“I think employers with a blanket ban on speaking to the media need to rethink their policies,” said Eric Meyer, a partner at FisherBroyles in Philadelphia, who often represents companies on labor law matters. “If you go to the media and say, ‘There are unsafe working conditions that affect me and my colleagues,’ it is a sheltered concerted activity.”

Chad Hansen, Young’s attorney on a separate federal lawsuit for alleged disability discrimination against the hospital, said she has not yet been returned to her job. Young wouldn’t comment.

The hospital’s parent company, Northern Light Health, just said its news media policy – which was changed after Young’s release – meets NLRB and District 1 requirements and will not be changed any further. The new policy created an exception that allows employees to speak to the news media in connection with concerted activities that are protected by federal law.

The right to speak under the National Labor Relations Act is particularly important for employees in private companies. Although the constitution protects people who work for public hospitals and other government employers with a guarantee that governments cannot restrict expression, workers in private companies have no right to speak up publicly on workplace issues.

“I hope this case upholds health workers’ right to speak up about anything dangerous,” said Ming Lin, an ambulance doctor who lost his job at PeaceHealth St. Joseph Medical Center in Bellingham, Washington, after he lost his job last year public criticism of the hospital’s pandemic preparedness.

Lin, who worked at TeamHealth, which provides hospital emergency medical services, lost his job with PeaceHealth in March 2020 shortly after he said on social media and in interviews with news reporters that PeaceHealth was not taking urgent enough action to advance its staff Covid. He had worked in the hospital for 17 years.

In an April 2020 YouTube interview, Richard DeCarlo, chief operating officer of PeaceHealth, said Lin was removed from the hospital’s emergency room schedule because he “continued to post misinformation that made people scared and afraid to go to the hospital get”. DeCarlo also alleged that Lin, who was out of town for part of the time in his post, refused to communicate with his superiors in Bellingham about the situation. PeaceHealth declined to comment on this article.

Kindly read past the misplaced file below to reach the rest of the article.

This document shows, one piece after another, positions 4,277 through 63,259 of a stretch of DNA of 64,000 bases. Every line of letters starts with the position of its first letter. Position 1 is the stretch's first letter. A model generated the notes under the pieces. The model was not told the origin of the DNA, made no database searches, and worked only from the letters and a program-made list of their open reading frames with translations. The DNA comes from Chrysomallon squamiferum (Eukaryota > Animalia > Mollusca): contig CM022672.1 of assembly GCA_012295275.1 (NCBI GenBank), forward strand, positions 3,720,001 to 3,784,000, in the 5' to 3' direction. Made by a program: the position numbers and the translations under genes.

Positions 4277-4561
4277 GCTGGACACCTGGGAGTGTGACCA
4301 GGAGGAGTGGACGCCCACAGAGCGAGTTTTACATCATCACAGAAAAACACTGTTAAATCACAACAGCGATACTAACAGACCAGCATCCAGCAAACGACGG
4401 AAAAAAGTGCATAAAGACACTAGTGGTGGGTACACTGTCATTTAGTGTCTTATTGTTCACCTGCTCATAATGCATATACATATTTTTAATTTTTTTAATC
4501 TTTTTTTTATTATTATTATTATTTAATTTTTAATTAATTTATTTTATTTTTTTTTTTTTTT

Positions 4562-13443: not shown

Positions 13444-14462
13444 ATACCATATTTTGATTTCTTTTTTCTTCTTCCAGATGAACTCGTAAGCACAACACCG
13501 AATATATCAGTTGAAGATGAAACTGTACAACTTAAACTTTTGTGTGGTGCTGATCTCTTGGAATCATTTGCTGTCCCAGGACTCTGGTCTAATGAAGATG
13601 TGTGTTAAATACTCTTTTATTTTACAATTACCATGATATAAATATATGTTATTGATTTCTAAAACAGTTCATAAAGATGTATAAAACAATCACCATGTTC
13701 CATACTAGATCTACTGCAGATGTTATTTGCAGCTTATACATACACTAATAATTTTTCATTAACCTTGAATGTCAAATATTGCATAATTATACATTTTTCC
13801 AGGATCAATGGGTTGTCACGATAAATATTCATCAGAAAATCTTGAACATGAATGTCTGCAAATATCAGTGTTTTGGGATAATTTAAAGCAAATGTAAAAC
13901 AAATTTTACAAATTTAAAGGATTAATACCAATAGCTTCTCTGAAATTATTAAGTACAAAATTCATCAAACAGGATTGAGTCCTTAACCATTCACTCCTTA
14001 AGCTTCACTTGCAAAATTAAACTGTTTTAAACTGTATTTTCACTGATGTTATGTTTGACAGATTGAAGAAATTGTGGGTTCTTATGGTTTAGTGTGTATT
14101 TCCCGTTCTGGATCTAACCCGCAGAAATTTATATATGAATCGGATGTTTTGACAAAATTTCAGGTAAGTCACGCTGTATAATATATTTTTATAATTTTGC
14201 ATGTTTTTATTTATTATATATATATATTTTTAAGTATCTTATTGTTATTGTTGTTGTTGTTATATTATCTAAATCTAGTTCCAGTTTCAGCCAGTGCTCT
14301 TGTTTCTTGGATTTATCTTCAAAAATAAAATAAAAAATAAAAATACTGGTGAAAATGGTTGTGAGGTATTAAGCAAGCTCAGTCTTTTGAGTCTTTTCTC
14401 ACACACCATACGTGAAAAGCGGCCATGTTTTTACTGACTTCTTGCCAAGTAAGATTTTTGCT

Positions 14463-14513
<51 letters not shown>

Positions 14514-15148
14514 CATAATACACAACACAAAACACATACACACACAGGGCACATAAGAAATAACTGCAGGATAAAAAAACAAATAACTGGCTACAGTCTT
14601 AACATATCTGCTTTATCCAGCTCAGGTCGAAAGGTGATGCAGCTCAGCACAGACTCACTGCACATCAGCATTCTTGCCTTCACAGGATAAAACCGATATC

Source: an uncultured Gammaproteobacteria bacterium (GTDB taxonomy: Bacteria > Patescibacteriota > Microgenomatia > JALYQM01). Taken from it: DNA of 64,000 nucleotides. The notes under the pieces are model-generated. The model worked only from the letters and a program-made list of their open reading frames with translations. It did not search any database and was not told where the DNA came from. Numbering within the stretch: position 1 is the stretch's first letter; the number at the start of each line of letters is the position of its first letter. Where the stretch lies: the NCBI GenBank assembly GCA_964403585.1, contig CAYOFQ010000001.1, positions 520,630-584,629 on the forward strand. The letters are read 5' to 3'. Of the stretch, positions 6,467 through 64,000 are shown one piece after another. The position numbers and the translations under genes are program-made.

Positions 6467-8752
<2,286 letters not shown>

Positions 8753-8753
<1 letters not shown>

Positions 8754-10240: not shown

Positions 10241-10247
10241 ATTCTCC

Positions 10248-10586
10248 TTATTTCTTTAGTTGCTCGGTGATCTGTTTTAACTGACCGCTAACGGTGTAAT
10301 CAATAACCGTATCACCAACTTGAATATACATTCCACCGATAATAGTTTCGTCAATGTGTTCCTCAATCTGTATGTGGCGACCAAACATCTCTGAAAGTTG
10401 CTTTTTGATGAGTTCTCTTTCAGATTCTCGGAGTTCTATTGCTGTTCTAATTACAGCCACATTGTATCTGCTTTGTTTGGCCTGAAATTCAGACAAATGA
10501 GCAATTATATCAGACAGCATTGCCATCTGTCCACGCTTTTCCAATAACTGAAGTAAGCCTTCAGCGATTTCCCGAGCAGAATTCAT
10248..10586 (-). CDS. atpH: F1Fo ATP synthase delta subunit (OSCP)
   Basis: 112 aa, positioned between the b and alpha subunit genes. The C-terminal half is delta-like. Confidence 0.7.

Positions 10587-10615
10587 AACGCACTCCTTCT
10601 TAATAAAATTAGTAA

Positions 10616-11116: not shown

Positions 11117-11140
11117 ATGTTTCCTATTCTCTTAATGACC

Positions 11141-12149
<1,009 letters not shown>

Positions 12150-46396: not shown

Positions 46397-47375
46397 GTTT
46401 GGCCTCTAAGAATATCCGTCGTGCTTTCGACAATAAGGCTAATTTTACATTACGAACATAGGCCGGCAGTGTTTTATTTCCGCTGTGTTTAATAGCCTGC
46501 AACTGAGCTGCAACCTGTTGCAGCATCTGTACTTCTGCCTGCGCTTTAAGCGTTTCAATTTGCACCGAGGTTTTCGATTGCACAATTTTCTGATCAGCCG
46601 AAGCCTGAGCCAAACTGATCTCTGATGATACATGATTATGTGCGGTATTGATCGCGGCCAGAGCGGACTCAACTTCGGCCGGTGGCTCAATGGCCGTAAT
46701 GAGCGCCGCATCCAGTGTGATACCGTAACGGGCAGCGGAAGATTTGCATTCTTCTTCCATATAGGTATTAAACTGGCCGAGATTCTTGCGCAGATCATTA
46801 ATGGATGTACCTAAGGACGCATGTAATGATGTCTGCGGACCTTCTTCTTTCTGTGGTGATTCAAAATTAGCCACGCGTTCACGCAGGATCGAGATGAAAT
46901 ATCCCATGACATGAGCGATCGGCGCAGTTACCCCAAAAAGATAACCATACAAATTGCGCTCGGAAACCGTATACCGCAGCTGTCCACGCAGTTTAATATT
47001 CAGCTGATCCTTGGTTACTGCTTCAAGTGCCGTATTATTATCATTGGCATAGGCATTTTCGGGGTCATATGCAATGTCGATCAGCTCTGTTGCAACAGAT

PeaceHealth’s then social media policy stated that the company did not prohibit its employees from engaging in government-protected concerted activities and that they were “free to express their views.” TeamHealth’s July 15, 2020 social media policy states that the company reserves the right to take disciplinary action in response to behavior that adversely affects the company.

Lin, who now works for the Indian Health Service in South Dakota, has sued PeaceHealth, TeamHealth and DeCarlo in a Washington state court for alleging wrongful dismissal for public policy violation, breach of contract and defamation.

Jennifer Bryan, chairman of the board of the Mississippi State Medical Association, which publicly defended two Mississippi doctors who were fired for the inadequacy of their hospitals’ Covid safety policies, said she was pressured by her hospital to speak to the media without consent .

The Medical Association urged its members to speak to the media about the science of Covid, while employers insisted that doctors’ messages must be approved by the media outlet. This reflected a conflict, she said, between medical professionals who primarily dealt with public health and for-profit system executives trying to protect their corporate image.

Bryan predicted the court ruling and NLRB ruling will be helpful. “Doctors need to be able to stand up and speak up for what they think affects patient safety and wellbeing,” she said. “Otherwise there are no checks and balances.”

Kaiser Health News (KHN) is a national newsroom that produces in-depth journalism on health topics. It is a program of the KFF (Kaiser Family Foundation), a non-profit foundation that provides information on health issues.